As with most other artists Zadkine employed female models to work in his studio.  In his later years Zadkine became romatically involved with Annalise Hasle, a woman who modeled for him in his studio. Annalise had come to Paris from Denmark in the 1950's to study cinema.  She modeled for artists to pay for her living expenses.
   There is no certain date as to when their affair began but he did share an apartment with Annalise on the Rue Ernest-Cresson for quite a few years.  His wife, Valentine, eventually found out about the affair and began spending much of her time at the house in Arques.  Zadkine continued to live in Paris and work at the studio on Rue d'Assas.
   In 1960 Zadkine's son, Nicholas Hasle, was born.  Zadkine was seventy years old when he finally became a father.  Nicolas went to school at the Ecole Alsacienne on the Rue d'Assas.  Zadkine occasionally took his son to the studio with him giving Nicholas a piece of clay to play with while Zadkine worked.  They went on play dates to the Arena Letuce park.  Zadkine liked to read stories to his son at bedtime .
   They were not a happily ever after family.  Some kind of rift developed between the couple.  Perhaps Prax refused to divorce Zadkine so they could marry.  Six years after Nicholas was born Annalise decided to move back to Denmark taking Nicholas with her.  Ossip frequently wrote affectionate notes to Nicholas.  He often corresponded with Annalise accepting his parental obligations for their son.  Zadkine recognized Nicholas as his legitimate son in the French court. 
   Valentine stayed a devoted wife and loyal companion to Ossip even after his death.  Zadkine died on November 25, 1967, at the age of seventy-seven, from complications after undergoing abdominal surgery.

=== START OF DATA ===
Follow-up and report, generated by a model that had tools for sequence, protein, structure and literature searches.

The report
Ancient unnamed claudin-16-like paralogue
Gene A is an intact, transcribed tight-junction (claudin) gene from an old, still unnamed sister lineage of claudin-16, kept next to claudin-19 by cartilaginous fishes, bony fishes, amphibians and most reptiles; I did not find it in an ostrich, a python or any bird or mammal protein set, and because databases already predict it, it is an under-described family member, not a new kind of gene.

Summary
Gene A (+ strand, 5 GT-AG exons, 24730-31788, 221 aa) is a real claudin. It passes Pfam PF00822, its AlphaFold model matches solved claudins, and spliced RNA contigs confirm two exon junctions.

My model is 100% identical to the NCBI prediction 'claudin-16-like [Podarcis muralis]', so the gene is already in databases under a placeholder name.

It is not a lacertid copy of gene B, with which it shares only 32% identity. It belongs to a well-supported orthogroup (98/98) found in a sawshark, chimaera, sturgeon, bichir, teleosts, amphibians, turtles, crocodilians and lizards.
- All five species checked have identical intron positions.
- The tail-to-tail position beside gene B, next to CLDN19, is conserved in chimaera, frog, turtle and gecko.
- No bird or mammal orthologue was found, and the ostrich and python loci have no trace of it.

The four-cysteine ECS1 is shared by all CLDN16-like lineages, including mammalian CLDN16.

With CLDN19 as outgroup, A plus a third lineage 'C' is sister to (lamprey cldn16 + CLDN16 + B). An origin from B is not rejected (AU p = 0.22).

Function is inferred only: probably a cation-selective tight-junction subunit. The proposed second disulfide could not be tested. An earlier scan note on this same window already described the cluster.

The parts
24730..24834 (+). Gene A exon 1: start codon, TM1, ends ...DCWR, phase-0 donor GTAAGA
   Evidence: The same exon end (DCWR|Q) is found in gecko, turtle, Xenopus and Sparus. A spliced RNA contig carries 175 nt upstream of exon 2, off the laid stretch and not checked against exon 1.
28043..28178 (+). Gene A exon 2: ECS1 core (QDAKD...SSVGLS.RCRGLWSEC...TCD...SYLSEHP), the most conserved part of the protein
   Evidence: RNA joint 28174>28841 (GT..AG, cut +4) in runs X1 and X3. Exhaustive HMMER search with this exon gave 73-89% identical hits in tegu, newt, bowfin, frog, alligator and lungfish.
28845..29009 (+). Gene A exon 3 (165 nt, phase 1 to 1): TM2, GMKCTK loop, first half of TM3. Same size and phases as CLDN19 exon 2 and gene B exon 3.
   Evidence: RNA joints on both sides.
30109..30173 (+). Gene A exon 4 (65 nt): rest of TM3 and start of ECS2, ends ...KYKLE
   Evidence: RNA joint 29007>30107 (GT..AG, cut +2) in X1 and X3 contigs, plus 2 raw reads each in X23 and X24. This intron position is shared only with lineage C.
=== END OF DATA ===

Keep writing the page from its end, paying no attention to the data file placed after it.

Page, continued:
He is buried in Montparnasse cemetery. Prax survived Zadkine by fourteen years continuing to paint and exhibit.  She died on April 15, 1981 at the age of eighty-four.
   The artistic legacy this couple left to the world is profoundly significant.  Rarely do we have an opportunity to see how two aspiring artists encouraged and supported each others artistic endeavors.  I hope you have the chance to see their art in this museum.  If you cannot visit the Zadkine Museum there are other places in Paris you can visit to experience their lives and art.
   The artist studio, La Ruche, in the Passage Denzig continues to be a work space for up and coming artists. The bohemian Montparnasse cafes of du Dome, la Rotonde, and Cloister des Lilas still serve meals to hungry customers.  Zadkine's statue of Prometheus stands in the Square Napoleon.  You can also see both Prax's and Zadkine's art on display at the Museum of Modern Art, City of Paris for free.
      Also, in Zadkine's time the Academy of the Grande Chaumiere offered students drawing and sculpting work shops lead by prominent artists.  Amazingly the Academy is still in operation although it now only offers painting and drawing workshops.  Both are open to anyone at a relatively low cost.
   There are informal drawing workshops where a nude model is provided or formal classes led by a teacher. Formal classes taught by French speaking artists are more expensive.  You can sign up to attend a semester long fee-based class or buy an individual attendance punch card to drop into a workshop.  The Academy of the Grande Chaumiere website has more information.
Le Cafe du Dome
108 Boulevard Montparnasse
​La Ruche - The Bee Hive/The Glass Bird Cage 
Passage Danzig
Prometheus - Zadkine
Square Napoleon